Google chatbot “Bard” can now code in 20 languages
Never one to be left out of a Silicon Valley arms race, Mountain View behemoth Google rolled out its own chatbot AI, called Bard, to compete with the GPTs and Claudes of the world.
Trained on vast amounts of text, these large language model AIs are capable of creating some pretty interesting stuff. OpenAI’s GPT-4 has shown some impressive capabilities when it comes to code — most famously in turning a literal napkin sketch into a working website.
Specialized AI coding systems, like Github’s Copilot (powered by OpenAI) and Replit’s Ghostwriter, are already available to the public and showing big potential to boost programmer productivity.
Bard now has a suit of coding features designed to help handle various software and program development tasks, as well as providing explanations of what the code does.
Google has found itself in an unusual position in the AI wars, put on the back foot by Microsoft-backed OpenAI and even smaller competitors like Anthropic. As of last month, when TechCrunch asked Bard, GPT-4, and Claude to write some simple code head-to-head, Bard simply declined, while GPT-4 and Claude gave some passable (if buggy) code.
Now, Google has rolled out a suite of coding features for Bard, designed to help handle various software and program development tasks, as well as providing explanations of what the code does, which may be especially helpful for beginners or programmers striking off into a different language or application than usual.
“Since we launched Bard, our experiment that lets you collaborate with generative AI, coding has been one of the top requests we’ve received from our users,” Paige Bailey, group product manager at Google Research, wrote in a blog post announcing the features.
Google’s own engineers had been putting the AI through its paces before its launch, Insider reported from internal emails.
In addition to creating code, Bard can help streamline it, as well.
“In many cases, Bard can also help optimize your code by making it faster or more efficient,” Bailey said. “Just respond to Bard’s initial output with ‘Could you please make that code faster?’ or ‘Find error handling clauses you might have missed.’”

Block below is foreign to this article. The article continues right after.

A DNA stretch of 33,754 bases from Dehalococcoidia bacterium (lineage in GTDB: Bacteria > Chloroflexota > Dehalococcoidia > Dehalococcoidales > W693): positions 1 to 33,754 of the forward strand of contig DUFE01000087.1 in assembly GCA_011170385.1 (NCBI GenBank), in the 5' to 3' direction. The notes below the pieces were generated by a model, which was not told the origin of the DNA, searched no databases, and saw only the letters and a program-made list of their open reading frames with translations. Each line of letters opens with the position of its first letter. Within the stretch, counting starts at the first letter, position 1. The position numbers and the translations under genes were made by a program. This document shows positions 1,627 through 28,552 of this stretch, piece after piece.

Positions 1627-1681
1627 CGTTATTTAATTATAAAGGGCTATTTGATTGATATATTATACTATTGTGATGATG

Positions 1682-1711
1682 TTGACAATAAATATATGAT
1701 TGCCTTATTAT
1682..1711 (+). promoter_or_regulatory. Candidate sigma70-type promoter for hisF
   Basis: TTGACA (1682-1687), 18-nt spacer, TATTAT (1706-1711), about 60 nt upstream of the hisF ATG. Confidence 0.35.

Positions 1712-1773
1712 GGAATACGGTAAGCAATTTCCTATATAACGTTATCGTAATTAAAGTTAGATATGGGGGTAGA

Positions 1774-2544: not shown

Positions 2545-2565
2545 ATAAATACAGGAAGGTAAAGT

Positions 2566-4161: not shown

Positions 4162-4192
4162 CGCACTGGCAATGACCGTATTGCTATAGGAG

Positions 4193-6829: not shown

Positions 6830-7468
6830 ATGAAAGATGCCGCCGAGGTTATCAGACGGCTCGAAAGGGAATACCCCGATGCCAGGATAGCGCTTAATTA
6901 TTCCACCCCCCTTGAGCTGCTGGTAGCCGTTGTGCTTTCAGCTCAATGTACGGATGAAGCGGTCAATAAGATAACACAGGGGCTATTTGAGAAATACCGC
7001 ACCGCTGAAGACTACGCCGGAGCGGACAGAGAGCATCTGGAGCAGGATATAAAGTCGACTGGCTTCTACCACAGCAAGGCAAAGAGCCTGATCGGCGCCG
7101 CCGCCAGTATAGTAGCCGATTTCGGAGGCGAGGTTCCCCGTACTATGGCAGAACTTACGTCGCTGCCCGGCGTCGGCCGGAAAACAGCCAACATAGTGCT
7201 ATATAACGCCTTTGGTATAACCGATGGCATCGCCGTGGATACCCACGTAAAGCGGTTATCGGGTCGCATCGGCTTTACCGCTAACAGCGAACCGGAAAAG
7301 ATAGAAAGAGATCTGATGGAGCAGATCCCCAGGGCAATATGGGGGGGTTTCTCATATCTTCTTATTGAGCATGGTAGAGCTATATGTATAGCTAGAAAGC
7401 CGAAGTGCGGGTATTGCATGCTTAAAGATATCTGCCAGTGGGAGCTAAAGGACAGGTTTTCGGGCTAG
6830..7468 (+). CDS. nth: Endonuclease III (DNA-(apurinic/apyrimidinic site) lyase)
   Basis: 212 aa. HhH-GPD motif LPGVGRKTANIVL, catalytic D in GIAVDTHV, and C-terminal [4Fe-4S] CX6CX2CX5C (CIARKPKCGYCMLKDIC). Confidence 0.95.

As anyone who’s asked ChatGPT to do some simple math, cite a scientific study, or fed it a jailbreak hack knows, AIs are far from infallible. They “hallucinate,” basically making things up. They also present incorrect conclusions with the unchecked confidence of a high school quarterback in a soft conference.
“Bard is still an early experiment, and may sometimes provide inaccurate, misleading or false information while presenting it confidently,” Bailey said. “When it comes to coding, Bard may give you working code that doesn’t produce the expected output, or provide you with code that is not optimal or incomplete.”
Bailey recommended double checking the chatbot’s code, and looking closely for errors or vulnerabilities before incorporating it. Bard does come with the ability to debug code, including its own; just tell it something didn’t work and ask for a fix, and the AI will try.
“With new coding capabilities, we’re excited to apply generative AI to accelerate software development, inspire innovation, and help people solve complex engineering challenges,” Bailey said.
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